St Ciarán of Clonmacnoise (September 9) founded a monastery attracting recruits from all over Europe
Ciarán (c 515-c 545) was the founder of Clonmacnoise monastery, sited by the river Shannon on a ridge of sand and gravel deposited by a glacier in the muddy middle of Ireland.
The land had been given to Ciarán by Diarmaid mac Cerbaill, the first Christian to be acknowledged as High King of Ireland. Nothing remains of the original wooden buildings. Ciarán, in fact, died of the plague when the tiny community was only a few months old.
His monastery, however, flourished, notwithstanding frequent attacks over the succeeding centuries by Irish, Viking and Anglo-Norman marauders.
Apparently the monks of Clonmacnoise could hand out punishment as well as take it. In 764 they engaged in a pitched battle with their rivals at Durrow Abbey (founded by St Columba), slaughtering some 200 of them.
By the ninth century Clonmacnoise, now built in stone, had become the most celebrated monastery in Ireland, attracting recruits from all over Europe on account of its reputation for learning, and for craftsmanship in stone and metals.
Still surviving is the the high-standing ninth-century Cross of the Scriptures, decorated on all four sides with sculptures representing the Passion, the Last Judgment, and Christ with St Peter and St Paul – along with a depiction of King Diarmaid and St Ciarán performing their good work.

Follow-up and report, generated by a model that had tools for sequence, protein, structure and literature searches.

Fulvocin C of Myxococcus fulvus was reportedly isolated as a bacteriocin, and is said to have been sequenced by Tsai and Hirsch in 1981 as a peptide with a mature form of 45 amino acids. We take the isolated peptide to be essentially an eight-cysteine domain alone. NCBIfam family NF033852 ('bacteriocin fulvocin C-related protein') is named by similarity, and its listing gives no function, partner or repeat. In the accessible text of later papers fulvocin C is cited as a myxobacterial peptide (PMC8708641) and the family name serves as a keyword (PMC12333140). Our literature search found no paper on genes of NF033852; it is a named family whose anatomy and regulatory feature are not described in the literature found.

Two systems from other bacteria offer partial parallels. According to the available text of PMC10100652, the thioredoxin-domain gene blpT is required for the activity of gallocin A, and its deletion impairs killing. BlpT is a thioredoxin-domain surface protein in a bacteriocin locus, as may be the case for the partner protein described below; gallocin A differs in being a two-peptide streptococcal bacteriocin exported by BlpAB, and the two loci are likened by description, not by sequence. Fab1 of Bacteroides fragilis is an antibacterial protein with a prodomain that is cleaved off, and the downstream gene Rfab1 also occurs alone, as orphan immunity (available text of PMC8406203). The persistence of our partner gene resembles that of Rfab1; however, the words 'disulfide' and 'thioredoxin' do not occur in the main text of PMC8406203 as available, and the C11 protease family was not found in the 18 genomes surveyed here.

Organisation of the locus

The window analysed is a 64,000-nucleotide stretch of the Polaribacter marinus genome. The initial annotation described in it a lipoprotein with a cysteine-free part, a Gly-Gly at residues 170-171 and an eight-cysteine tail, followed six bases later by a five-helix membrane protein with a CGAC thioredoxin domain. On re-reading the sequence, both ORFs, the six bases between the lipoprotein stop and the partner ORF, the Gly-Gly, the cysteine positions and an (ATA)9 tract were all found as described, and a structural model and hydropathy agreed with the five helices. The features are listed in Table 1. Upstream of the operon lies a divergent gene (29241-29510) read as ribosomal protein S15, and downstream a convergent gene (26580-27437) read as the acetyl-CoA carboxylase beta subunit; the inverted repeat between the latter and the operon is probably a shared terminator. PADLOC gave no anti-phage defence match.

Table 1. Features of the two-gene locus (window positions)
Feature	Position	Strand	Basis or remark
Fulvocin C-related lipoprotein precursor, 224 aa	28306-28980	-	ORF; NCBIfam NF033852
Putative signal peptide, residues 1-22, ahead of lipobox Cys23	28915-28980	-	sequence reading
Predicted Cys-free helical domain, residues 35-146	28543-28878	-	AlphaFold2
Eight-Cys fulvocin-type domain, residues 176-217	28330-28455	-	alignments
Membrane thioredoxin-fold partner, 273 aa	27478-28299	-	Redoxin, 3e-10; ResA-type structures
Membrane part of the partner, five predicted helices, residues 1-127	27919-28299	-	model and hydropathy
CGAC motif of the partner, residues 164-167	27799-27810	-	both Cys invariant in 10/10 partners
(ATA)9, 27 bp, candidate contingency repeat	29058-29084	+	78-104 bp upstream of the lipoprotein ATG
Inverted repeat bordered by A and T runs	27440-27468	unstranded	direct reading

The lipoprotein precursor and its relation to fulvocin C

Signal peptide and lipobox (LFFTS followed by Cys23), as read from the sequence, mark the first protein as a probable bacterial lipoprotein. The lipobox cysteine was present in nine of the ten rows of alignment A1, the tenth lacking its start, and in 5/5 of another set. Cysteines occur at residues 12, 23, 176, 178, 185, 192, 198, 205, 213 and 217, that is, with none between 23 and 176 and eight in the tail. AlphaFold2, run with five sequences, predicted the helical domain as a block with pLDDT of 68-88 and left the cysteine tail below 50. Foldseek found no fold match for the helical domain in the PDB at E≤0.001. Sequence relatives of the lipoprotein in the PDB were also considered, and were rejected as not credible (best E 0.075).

The Clonmacnoise Crozier (c 1100), decorated in bronze and silver, is now in the National Museum in Ireland, while the monastery’s 12th-century Book of the Dun Cow, recording various legends, is one of the oldest surviving manuscripts written in Irish.
In the 11th century there were some 1,500 souls at Clonmacnoise. Yet after 1150 the monastery fell into decline as the Church in Ireland adopted a diocesan rather than a monastic framework.
New religious orders arrived from the continent, while the development of Athlone, to the north, drew away trade. Clonmacnoise gradually became a collection of ruins.
Ciarán, however, remained an Irish hero. A chariot-builder’s son, he had studied under St Finnian at Clonard, and then with St Enda on Aran. There, he had a vision of a huge tree stretching out all over Ireland. Enda was not slow to interpret: “You are the tree and all Ireland shall be filled with your name and sheltered by the grace within you.”
As he lay dying, Ciarán instructed his monks: “Let my relics bleach in the sun like the bones of a deer; better for you to dwell in heaven for me, than at home with my relics.”
When Pope John Paul II visited Clonmacnoise in 1979 he declared that the ruins were charged with a great mission. Certainly Ciarán’s work is not yet done. Since 2007 there has been a Catholic summer festival for the young alongside the remains of his monastery.